Article last updated: March 2019 by Oskar Faarkrog, ISSA Certified Trainer
The heavy deadlift is one of the biggest compound exercises because it trains nearly all muscles in your body.
As a result, heavy deadlifts are one of the staple exercises in nearly all strength and bodybuilding programs.
With that said, when I write client programs I never include heavy deadlifts in their training.
The reason behind this is that from a bodybuilding perspective, the deadlift is a high stress, low reward movement.
High stress: When you perform a heavy set of deadlifts you put immense stress on your central nervous system.
This means that a heavy set of deadlifts increases the need for longer recovery time between training sessions and it drains your energy early in the training so you have less energy to train other exercises.
Low reward: While the deadlift trains nearly all muscles in your body, the only muscles that get developed to a decent degree are the posterior chain muscles: hamstrings, glutes, spinal erectors, traps and possibly lats. (I emphasize decent degree because there are plenty of other exercises that each develop these muscles to an even higher degree).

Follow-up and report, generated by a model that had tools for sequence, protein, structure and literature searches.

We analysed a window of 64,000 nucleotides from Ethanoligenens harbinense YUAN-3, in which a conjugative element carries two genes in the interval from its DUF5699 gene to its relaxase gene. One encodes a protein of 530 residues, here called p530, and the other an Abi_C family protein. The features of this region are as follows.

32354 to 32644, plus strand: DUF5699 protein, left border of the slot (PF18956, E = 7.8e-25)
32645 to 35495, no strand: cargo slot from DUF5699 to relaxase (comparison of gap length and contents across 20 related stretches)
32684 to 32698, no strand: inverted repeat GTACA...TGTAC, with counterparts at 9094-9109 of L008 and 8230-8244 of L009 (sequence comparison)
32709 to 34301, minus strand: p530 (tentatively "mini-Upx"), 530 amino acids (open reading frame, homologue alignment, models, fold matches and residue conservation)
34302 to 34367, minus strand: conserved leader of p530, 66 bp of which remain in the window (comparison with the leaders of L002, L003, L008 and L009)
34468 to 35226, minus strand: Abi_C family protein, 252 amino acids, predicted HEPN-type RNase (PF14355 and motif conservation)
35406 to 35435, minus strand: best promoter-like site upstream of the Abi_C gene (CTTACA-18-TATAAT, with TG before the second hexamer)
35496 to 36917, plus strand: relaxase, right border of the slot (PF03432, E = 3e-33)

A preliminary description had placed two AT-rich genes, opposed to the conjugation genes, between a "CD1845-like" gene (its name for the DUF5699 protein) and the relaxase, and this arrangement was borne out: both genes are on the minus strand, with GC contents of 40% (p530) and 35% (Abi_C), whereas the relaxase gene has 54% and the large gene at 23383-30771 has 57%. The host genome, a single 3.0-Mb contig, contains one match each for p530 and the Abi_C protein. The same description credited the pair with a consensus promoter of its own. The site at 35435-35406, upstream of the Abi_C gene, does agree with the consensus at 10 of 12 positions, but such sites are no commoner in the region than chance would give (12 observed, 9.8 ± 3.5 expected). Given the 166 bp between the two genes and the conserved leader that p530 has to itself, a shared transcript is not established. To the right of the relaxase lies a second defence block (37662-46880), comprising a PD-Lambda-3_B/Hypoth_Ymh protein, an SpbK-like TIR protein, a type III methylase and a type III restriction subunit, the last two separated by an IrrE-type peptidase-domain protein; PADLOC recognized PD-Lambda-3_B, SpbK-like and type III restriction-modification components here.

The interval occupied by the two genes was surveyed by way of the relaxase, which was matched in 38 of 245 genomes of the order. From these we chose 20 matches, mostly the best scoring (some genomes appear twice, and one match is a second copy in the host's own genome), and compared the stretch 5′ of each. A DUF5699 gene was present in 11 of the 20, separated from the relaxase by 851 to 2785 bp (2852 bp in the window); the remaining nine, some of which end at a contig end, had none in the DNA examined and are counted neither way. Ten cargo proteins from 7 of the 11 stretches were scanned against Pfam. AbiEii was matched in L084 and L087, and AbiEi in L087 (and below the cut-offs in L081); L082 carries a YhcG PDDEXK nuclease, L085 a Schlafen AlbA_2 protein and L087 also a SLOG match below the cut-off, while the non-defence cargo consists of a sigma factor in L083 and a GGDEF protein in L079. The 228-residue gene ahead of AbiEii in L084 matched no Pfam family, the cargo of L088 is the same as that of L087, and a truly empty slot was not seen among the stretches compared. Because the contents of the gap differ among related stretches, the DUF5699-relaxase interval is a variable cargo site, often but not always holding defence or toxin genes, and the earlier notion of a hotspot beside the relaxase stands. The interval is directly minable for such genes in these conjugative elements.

Your arms, shoulders, upper chest will get minimal development (if any) from the deadlift.
In other words, the muscle groups which are the most important to develop for skinny-fat guys barely get developed.
Because of this, I never include heavy deadlifts into my programs.
I do however include light dumbbell stiff legged deadlifts into many of my programs.
By doing light dumbbell stiff legged deadlifts, you get most of the benefits of the heavy deadlift without putting a high amount of stress on the Central Nervous System.
You develop your hamstrings, glutes and spinal erectors enough so you don’t get injured while avoiding the excessive stress on the Central Nervous System.
And if you’re using the heavy deadlift as a back-builder, then it can work for some people.
There are some people who get both back width and thickness from doing heavy deadlifts, however these people would most likely get even more back growth from doing different variations of chin ups, pull ups and rows.
In general, for building a thick and wide back, chin ups, pull ups and rows are superior because they target the upper back, lats and biceps rather than your whole body.
Be proud but stay hungry!
Oskar Faarkrog, ISSA Certified Trainer